The Guardian has this report on the successful conclusion of CSW 57 Check out the whole article
Here is a snippet with links: “But the agreement was hard fought and civil society groups expressed “deep concern” over attempts by some conservative member states and groups to derail the process and undermine previous agreements.”
An objective piece on NGO participation or lack of it in CSW 57. Read More Good Shepherd as an NGO had two passes – and while they permit one to enter the corridors of the UN they do not gain access to the negotiating room. NGO access is had by being a member of a national delegation. I did have a meeting with a member of the Irish Mission who was negotiating on behalf of women human right defenders. This is retained in the document. Well done! Throughout the two weeks I sent on two separate occasions e-mails containing language with regard to Human Trafficking and Prostitution to 15 member states of the Commission. In the final document you will note that the paragraphs on Human Trafficking are strong but all reference to prostitution has disappeared … thus permitting prostitution to continue and not naming it for what it is sexual exploitation and violence towards women and girls. Yes there is agreement around the violence of Human Trafficking but no agreement around Prostitution.
A quote from the link above and I quote it because I have heard these stories too…
“The women delegates of, for example, Afghanistan, Egypt and Iran may declare unchallenged, in the UN building, that their governments respect women’s status and progress, is being made. But we, in our restricted place across the road, listen in grief and pity to accounts of rape, sexual slavery, be headings of women activists and human rights defenders; of women imprisoned for fleeing forced marriage, of widow abuse, and of honour killings disguised as suicide. And of young women activists stripped and sexually assaulted in Tahir Square, Cairo. Of what is really happening to the women of Libya and Syria. Rape may be a weapon of war, but women’s bodies are being targeted in many countries, post conflict, and during revolution, and where there is no war. … As member States pontificate, many mouthing platitudes, women and girls are dying, or if not dead, destroyed.”
I was present with Ferew from Ethiopia in the UN corridors from 3.00 p.m until after 9.00 p.m. and witnessed the adoption of the outcome document. It is truly a historic moment for women’s rights. In a blog post during the long wait I asked some questions as to why it is difficult to get agreement. But eventually agreement was reached. Yes, there is a strong outcome document but could it have said more? Read here about the final session of CSW 57 on Friday evening March 15th The blogger, Joni van de Sand is a friend from Holland whom I met 2 years ago If you follow her blog entries you will get a good overview of CSW 57.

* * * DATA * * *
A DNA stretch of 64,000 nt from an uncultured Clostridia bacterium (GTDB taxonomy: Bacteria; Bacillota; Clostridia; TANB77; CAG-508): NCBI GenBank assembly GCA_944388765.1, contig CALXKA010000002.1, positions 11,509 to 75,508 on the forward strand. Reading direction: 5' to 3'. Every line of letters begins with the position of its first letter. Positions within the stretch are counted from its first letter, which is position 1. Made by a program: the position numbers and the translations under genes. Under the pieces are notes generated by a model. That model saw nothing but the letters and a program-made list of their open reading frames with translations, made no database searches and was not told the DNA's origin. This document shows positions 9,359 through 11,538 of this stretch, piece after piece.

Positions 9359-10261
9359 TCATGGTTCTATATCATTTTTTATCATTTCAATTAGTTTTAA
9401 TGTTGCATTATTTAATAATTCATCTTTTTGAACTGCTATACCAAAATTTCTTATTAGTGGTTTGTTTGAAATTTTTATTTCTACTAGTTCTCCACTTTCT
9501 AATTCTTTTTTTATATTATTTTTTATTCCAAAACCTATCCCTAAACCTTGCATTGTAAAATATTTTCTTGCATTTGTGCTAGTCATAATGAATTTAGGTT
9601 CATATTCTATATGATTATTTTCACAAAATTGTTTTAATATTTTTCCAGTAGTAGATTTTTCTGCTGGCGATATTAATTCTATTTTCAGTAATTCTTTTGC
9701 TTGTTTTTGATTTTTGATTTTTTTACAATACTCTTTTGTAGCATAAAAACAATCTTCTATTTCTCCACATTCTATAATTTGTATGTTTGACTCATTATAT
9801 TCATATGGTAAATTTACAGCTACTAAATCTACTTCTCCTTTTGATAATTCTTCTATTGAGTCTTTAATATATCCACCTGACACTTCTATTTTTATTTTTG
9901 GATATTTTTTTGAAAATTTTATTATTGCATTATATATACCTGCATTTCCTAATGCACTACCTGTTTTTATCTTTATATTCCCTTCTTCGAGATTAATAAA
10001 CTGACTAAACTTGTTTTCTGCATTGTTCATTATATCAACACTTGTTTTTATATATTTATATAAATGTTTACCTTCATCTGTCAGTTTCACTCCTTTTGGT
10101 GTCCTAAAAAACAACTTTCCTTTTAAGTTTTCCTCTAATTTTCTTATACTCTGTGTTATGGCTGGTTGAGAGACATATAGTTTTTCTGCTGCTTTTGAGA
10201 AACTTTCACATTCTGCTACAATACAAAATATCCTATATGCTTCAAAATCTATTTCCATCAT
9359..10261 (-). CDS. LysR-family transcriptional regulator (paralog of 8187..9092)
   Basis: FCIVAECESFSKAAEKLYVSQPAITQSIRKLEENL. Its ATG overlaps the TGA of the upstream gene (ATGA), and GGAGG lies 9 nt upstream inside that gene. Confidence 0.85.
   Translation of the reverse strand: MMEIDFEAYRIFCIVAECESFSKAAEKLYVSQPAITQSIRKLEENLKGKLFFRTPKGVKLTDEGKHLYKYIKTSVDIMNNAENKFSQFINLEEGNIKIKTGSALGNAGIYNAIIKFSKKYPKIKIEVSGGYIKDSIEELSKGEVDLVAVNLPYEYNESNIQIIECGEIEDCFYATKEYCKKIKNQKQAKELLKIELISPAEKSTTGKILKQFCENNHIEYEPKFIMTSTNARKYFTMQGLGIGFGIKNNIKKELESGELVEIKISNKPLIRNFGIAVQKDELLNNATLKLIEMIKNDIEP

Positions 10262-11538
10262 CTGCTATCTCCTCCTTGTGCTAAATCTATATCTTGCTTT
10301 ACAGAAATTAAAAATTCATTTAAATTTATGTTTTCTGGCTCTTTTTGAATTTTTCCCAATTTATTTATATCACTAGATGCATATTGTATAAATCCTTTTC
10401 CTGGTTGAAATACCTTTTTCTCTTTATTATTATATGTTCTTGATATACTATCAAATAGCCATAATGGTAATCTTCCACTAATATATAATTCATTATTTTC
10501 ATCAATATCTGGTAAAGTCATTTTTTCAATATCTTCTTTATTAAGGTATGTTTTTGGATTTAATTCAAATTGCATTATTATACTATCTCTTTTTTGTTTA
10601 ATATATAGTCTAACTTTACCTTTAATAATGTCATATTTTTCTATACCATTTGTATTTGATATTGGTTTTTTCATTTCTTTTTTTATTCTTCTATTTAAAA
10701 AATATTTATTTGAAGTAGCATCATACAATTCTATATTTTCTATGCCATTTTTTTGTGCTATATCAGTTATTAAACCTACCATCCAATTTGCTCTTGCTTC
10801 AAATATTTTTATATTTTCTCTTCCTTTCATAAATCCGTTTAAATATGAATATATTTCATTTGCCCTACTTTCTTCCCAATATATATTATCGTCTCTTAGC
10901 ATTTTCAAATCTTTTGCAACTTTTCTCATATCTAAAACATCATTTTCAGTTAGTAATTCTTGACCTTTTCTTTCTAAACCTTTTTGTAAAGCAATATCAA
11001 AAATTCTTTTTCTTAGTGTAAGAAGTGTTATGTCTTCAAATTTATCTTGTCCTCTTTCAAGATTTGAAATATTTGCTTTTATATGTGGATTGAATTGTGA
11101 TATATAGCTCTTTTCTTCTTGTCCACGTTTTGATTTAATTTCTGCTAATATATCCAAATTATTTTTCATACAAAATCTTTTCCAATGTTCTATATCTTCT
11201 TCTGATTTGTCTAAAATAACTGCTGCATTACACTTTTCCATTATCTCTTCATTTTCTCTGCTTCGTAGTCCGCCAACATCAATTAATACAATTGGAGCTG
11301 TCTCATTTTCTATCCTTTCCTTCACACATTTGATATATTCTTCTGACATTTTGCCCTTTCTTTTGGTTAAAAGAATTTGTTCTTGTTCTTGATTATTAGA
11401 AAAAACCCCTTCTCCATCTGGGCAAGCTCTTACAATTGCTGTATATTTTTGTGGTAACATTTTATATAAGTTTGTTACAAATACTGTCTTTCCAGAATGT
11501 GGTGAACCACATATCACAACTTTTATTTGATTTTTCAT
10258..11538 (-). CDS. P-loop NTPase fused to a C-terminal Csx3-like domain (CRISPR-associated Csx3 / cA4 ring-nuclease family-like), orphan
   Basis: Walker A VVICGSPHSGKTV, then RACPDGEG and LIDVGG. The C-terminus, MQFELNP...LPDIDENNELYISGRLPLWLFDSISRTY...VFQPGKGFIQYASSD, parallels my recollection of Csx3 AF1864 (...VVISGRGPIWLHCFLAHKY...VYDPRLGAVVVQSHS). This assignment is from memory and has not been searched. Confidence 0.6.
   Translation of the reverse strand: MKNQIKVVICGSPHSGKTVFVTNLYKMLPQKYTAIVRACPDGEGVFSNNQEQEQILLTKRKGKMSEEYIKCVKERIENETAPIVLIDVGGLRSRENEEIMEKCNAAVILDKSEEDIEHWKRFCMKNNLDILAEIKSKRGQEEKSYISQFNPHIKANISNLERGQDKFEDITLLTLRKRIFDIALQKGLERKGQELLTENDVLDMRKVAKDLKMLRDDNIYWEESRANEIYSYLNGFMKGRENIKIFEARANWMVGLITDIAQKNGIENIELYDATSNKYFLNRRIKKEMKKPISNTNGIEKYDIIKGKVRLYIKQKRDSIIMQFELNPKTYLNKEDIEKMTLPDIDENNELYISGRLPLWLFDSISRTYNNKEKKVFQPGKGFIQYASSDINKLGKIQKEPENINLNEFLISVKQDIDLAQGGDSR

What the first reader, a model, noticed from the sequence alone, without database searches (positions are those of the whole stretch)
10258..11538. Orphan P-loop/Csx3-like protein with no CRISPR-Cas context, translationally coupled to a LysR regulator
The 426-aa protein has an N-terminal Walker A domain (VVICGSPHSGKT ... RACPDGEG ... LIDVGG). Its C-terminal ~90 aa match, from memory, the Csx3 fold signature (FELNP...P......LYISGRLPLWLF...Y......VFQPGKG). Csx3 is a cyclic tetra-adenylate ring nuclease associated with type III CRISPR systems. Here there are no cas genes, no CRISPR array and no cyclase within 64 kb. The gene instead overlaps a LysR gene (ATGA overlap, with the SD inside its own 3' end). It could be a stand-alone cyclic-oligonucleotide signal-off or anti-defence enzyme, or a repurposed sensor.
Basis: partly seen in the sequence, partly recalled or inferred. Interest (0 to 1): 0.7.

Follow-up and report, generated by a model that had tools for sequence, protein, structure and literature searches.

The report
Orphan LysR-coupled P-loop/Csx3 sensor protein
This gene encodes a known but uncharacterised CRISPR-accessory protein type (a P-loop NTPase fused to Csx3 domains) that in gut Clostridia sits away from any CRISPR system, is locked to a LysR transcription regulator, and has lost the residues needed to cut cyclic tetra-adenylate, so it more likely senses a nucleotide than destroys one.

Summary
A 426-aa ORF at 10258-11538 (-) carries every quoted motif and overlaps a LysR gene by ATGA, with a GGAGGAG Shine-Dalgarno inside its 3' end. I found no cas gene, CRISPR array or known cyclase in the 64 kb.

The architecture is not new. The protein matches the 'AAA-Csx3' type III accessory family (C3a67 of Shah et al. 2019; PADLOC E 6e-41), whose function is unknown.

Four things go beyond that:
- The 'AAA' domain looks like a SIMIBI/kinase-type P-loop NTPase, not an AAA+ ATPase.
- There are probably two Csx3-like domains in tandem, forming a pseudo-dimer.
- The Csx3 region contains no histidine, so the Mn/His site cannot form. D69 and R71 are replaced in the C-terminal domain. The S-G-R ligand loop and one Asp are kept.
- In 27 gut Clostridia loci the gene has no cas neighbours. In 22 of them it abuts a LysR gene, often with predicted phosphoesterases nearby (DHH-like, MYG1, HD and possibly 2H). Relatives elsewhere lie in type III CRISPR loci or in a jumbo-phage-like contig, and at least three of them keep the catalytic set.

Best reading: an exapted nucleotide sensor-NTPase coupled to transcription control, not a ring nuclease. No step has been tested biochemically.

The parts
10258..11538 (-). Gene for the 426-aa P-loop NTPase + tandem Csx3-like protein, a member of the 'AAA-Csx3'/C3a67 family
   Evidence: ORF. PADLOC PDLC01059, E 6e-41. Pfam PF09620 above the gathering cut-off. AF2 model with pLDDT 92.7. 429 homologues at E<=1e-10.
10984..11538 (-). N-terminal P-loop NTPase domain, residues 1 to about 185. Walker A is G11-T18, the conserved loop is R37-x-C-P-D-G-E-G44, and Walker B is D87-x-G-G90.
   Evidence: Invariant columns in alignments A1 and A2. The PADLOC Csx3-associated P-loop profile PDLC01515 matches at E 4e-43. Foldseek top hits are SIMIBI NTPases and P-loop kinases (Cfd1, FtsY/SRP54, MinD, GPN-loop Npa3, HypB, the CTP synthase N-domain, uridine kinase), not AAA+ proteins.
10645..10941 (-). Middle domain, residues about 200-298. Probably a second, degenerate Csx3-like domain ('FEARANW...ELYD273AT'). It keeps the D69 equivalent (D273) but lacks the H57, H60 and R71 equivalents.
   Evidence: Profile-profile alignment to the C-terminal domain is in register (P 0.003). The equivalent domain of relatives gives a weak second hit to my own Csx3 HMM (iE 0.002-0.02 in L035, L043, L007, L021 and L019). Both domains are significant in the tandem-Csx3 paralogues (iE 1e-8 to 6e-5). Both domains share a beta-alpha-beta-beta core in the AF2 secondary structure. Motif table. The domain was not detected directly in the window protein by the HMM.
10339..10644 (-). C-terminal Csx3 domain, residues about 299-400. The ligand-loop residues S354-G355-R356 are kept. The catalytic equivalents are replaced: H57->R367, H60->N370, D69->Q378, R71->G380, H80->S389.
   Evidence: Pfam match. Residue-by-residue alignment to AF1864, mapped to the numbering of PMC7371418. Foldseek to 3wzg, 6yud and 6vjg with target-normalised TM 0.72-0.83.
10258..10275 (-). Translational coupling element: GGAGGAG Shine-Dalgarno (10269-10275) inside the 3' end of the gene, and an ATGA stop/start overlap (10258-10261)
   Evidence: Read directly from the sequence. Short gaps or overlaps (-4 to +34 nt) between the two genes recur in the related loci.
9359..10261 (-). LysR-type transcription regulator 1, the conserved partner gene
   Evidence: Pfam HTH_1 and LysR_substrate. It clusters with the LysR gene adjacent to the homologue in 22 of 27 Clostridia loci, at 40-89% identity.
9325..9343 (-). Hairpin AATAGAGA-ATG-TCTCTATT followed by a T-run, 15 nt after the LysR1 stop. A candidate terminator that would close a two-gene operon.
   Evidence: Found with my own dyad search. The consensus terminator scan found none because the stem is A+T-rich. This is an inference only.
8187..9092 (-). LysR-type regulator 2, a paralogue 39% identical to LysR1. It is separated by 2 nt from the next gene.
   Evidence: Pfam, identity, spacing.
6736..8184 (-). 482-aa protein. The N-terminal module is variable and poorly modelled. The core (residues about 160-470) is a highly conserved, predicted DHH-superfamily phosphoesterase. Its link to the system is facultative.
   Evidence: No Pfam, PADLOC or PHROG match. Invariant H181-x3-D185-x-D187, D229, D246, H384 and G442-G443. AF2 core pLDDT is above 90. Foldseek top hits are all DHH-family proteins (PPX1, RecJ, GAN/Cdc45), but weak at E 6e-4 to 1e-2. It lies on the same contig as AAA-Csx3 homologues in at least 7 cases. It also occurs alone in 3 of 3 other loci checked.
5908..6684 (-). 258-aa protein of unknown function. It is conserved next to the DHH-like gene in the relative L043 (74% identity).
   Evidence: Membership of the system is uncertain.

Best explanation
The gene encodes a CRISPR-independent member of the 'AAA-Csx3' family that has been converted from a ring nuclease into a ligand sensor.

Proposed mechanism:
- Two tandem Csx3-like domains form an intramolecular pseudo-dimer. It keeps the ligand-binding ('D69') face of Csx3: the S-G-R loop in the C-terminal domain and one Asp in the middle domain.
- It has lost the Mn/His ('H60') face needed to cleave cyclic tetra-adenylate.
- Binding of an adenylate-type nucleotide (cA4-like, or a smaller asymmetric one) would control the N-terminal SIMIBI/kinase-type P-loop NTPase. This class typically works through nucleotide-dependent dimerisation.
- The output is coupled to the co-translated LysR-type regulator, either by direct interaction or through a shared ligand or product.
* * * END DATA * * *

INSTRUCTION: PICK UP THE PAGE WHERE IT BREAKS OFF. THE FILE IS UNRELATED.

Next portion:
The photograph – Good Shepherd Team at CSW 57: Ferew Lemma from Ethiopia. Hung-Hsin Liu from Taiwan who left NY at the end of the first week. Winifred Doherty and Wanching Chen, Taiwan who left NY on the morning of the Friday the 15th and was not present for the historic ending of CSW 57. The team was supported by Maureen McGowan of Handcrafting Justice, Victoria Ashley of Good Shepherd Volunteers, Kimberly Moloche an Intern from St John’s College and Helga Sourek (Germany) who returned home after the first week.
Michelle Bachelet, UN Under Secretary General and Executive Secretary of UN Women in her closing statement to CSW 57 said “It has been an intensive past two weeks. We have witnessed one of the highest levels of participation from Member States, intergovernmental organizations, civil society, and colleagues from the United Nations.” Read more
Background on the more controversial areas are outline in this article from the Washington Post
Toward the end of her statement Michelle Bachelet made a surprise announcement. She said it would be her last CSW as she was returning to her country Chile for personal reasons. The Calgary Hearld has more on that story
UN Secretary General Ban Ki Moon issued a statement and I quote
“Violence against women is a heinous human rights violation, global menace, a public health threat and a moral outrage. No matter where she lives, no matter what her culture, no matter what her society, every woman and girl is entitled to live free of fear. She has the universal human right to be free from all forms of violence so as to fulfill her full potential and dreams for the future.
States have a corresponding responsibility to turn that right into reality. The Secretary-General hopes that all the partners who came together at this historic session and others around the world will now translate this agreement into concrete action to prevent and end violence against women and girls. The United Nations system is fully committed to leading this global effort.”